When the VIPs returned, half an hour later, the match was still on. The score was 5-5, and Oremans had just broken the Williams serve for the third consecutive time. Seeing the honoured guests settling back into their seats, the 19- year-old American decided the time had come to resume normal service. A couple of minutes later the match was over and she had won by 6-1, 7- 5.
Afterwards, Venus was polite enough to give a different reason for the delay in finishing off her opponent. "I think in general I just got over- confident," she said. "And I lapsed. It's something I've got to watch out for in the future. But at least I don't have the problem of being under-confident. I'm a little over-confident, which can be highly dangerous also."
It's unlikely that anyone will ever be able to accuse the Williams sisters of suffering from under-confidence. Their father and mother brought them up to know their worth and to put their faith in their abilities. Two years ago, when she was about to make her Wimbledon debut, Venus said: "I never go out there thinking, `She's better than me'. Since I was six, or maybe even since before I can remember, I've believed that I could beat anyone."
Her sister Serena is not here, having pulled out of the tournament last Friday, apparently suffering from flu. Venus said she misses her company, but there seemed to be no shadows in her mind as she ripped into Oremans. The 26-year-old Dutch woman, one of the last serve-and-volley specialists on the women's tour, is currently ranked at No 55 in the WTA list, 50 places below Venus. Oremans won precisely three points from the first five games of the match, during which she found her own tactics being used against her.
Williams, her 6ft 1in frame protruding from a small white dress, looked ready to rumble. Even her knock-up was full of menace. When a pigeon flapped in the Centre Court rafters as she prepared to serve the third point of the first game, she turned her head and fixed it with such a glare that you expected singed tail-feathers to flutter down. Right from the get- go she was firing returns at Oremans' ankles, sliding volleys into the empty spaces and unfurling backhands down the line.
And that serve, of course. If Venus Williams' body was built for one purpose, it was serve a tennis ball. The result is a beautiful and awe- inspiring sight. In the fifth game, with the score at 30-0, she whacked down a delivery that scorched the very air. The spectators were gasping even before they had time to register the figure of 123mph on the courtside speedometer. It felt good, she said later. Had she hit a faster one? "Oh, yes," she laughed. "The fastest I've had on record was 127. And I have to break my record. I've been stagnant since October. That's no good."
At this stage, the match was a glorious embarrassment. Oremans could have been forgiven for switching off and thinking about getting back to her piano and her books. But this is a player who has reached three WTA finals, all on grass. In her first, at Eastbourne six years ago, she lost to Martina Navratilova. And she has twice reached the last 16 here, losing last year to Natasha Zvereva.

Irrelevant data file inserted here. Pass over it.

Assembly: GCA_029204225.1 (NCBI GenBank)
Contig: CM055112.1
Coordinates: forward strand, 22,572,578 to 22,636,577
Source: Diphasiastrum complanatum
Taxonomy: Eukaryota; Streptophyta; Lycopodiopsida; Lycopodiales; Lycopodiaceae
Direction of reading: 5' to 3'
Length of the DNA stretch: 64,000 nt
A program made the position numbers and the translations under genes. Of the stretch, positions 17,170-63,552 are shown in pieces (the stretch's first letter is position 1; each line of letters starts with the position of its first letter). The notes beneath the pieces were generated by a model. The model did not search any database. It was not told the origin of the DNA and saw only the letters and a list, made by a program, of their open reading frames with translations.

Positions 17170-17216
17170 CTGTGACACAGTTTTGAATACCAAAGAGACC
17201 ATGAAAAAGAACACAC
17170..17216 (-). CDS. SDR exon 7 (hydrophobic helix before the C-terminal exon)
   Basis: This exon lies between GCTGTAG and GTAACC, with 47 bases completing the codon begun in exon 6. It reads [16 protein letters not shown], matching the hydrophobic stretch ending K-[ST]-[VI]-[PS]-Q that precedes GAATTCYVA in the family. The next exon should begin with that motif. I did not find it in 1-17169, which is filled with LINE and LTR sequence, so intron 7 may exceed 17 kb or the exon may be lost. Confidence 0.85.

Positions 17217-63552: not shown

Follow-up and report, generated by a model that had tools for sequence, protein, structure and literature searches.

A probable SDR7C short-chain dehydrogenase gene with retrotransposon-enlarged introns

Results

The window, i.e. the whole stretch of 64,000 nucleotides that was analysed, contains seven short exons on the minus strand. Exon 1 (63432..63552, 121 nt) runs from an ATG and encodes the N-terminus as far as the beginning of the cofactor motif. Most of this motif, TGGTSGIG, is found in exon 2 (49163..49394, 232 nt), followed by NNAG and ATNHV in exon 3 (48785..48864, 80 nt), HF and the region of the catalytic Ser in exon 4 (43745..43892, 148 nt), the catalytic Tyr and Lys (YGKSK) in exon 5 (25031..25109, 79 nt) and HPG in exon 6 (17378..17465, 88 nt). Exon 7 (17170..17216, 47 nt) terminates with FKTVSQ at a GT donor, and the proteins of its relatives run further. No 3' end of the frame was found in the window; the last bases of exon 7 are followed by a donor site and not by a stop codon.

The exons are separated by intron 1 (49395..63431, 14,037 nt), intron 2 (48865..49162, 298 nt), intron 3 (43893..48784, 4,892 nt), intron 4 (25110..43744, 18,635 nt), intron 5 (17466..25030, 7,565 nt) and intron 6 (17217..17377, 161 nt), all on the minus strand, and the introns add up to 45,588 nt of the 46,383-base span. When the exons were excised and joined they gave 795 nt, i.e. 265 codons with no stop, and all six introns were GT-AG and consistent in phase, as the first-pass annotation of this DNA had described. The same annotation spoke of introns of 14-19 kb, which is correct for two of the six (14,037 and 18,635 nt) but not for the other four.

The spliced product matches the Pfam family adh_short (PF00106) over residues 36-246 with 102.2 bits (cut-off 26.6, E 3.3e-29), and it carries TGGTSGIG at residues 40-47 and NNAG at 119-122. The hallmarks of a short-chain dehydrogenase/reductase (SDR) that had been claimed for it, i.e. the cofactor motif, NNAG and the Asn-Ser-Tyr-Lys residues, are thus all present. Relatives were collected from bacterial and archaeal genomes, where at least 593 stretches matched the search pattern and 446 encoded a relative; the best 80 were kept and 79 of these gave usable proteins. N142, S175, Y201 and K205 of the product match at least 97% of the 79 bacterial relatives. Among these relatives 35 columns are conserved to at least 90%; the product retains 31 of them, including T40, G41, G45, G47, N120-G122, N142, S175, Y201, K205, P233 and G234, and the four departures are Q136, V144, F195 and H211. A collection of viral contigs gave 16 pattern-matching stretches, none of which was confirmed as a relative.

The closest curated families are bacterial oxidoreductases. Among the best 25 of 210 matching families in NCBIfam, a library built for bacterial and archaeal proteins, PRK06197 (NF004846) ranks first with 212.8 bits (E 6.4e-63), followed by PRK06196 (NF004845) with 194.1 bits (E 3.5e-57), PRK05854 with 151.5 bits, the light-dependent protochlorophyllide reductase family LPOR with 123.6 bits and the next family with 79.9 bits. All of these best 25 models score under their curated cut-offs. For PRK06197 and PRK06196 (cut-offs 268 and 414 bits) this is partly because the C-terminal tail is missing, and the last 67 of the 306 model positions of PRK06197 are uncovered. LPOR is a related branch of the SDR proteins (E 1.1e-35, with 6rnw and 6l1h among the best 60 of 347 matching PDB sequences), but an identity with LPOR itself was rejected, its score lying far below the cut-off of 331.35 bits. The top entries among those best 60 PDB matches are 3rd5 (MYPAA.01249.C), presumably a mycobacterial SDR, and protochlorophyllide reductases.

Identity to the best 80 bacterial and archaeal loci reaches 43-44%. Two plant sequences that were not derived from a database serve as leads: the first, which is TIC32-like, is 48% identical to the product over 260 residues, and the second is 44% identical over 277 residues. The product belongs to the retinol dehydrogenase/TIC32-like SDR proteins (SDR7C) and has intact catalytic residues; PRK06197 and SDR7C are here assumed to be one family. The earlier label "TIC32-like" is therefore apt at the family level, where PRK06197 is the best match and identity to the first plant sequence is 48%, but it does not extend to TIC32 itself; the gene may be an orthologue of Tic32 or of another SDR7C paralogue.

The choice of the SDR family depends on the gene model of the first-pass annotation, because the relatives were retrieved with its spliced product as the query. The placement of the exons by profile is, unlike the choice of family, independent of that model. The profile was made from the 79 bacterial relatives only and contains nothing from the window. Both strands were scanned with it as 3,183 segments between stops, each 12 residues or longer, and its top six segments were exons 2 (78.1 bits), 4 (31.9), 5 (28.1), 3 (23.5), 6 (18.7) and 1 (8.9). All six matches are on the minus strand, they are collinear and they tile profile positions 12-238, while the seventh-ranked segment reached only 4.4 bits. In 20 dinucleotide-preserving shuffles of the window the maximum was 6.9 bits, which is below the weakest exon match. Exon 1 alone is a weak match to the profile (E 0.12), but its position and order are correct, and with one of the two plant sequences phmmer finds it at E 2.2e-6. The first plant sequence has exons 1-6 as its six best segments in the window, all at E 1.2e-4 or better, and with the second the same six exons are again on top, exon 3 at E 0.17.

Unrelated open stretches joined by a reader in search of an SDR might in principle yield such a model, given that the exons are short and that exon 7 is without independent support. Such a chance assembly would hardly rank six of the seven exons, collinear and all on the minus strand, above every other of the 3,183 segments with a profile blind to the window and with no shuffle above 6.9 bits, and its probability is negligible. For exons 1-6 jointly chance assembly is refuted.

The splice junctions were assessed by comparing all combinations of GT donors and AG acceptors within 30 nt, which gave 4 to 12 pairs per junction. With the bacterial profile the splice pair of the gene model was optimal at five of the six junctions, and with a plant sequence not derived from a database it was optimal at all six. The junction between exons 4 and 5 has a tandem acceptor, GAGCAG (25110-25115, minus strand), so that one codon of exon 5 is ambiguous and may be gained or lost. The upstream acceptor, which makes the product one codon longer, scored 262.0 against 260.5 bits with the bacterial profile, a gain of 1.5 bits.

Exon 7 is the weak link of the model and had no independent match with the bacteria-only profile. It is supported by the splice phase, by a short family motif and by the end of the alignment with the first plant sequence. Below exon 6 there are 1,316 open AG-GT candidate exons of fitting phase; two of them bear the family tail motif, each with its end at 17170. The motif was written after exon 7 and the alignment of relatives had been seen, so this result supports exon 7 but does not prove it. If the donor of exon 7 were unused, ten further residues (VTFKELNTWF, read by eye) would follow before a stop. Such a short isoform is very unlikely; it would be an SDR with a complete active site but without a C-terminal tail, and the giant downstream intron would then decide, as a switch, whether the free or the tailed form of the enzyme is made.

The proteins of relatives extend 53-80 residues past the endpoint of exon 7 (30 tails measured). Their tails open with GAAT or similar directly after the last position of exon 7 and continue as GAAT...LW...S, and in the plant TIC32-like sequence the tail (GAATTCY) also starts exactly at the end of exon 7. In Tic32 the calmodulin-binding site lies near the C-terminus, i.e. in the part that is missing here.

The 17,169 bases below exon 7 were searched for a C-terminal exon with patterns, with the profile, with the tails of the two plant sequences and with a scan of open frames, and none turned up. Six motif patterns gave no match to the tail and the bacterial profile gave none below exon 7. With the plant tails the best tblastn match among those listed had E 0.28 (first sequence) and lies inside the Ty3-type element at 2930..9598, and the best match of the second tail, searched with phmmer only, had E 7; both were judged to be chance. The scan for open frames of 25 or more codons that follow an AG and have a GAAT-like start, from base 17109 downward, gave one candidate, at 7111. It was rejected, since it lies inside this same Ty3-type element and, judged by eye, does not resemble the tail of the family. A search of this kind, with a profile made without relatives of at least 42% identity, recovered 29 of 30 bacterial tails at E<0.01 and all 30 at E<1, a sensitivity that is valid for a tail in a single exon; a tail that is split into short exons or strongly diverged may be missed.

And finally, in the sixth game, Oremans won two points in a row for the first time. Three, in fact, starting with a marvellous volleyed pass. It was enough to give her the game, although Venus then served out to love to take the set, which had occupied just over 19 minutes.
The second set started with the same kind of Williams whirlwind. Marvellous cross-court shots from both wings swept her to 2-0 before her opponent began to dig in. The third game, served by Oremans, contained several scintillating rallies and went to three deuces before Williams finished it off with an imperious backhand volley.
And at 4-0, with the royal box severely depopulated, Williams hit real trouble. Oremans won an easy service game, and then piled the pressure on the Williams serve, moving bravely to 5-5. She was slugging it out, sometimes going eye to eye at the net without flinching, and occasionally breaking the rhythm by floating a careful lob or chip behind her opponent.
"I think I was still serving well," Williams said later, "but it was just the activities after the serve that weren't as good. That's what made the difference. I think sometimes she came in and took the opportunities before I could, or before I would. There aren't too many serve-and-volleyers left. I serve and volley quite a bit myself these days on grass, but she was always looking to get to the net. I can camp out on the baseline myself if I think it's necessary, but I don't want to do that."
The rallies were often short and crisp, but never repetitive. Venus blew two match points, but accepted the third with a 113mph ace. The match had lasted 67 minutes, and had given her a successful reintroduction to a surface on which she should always be specially threatening.
She is a curious girl, with a strange, other-wordly manner. Sometimes she makes mistakes that look childish, and occasionally they will cost her tournaments she ought to win. But she adds new dimensions to the women's game, both technical and aesthetic. Quite simply, she redraws the geometry. And she will never, ever be boring.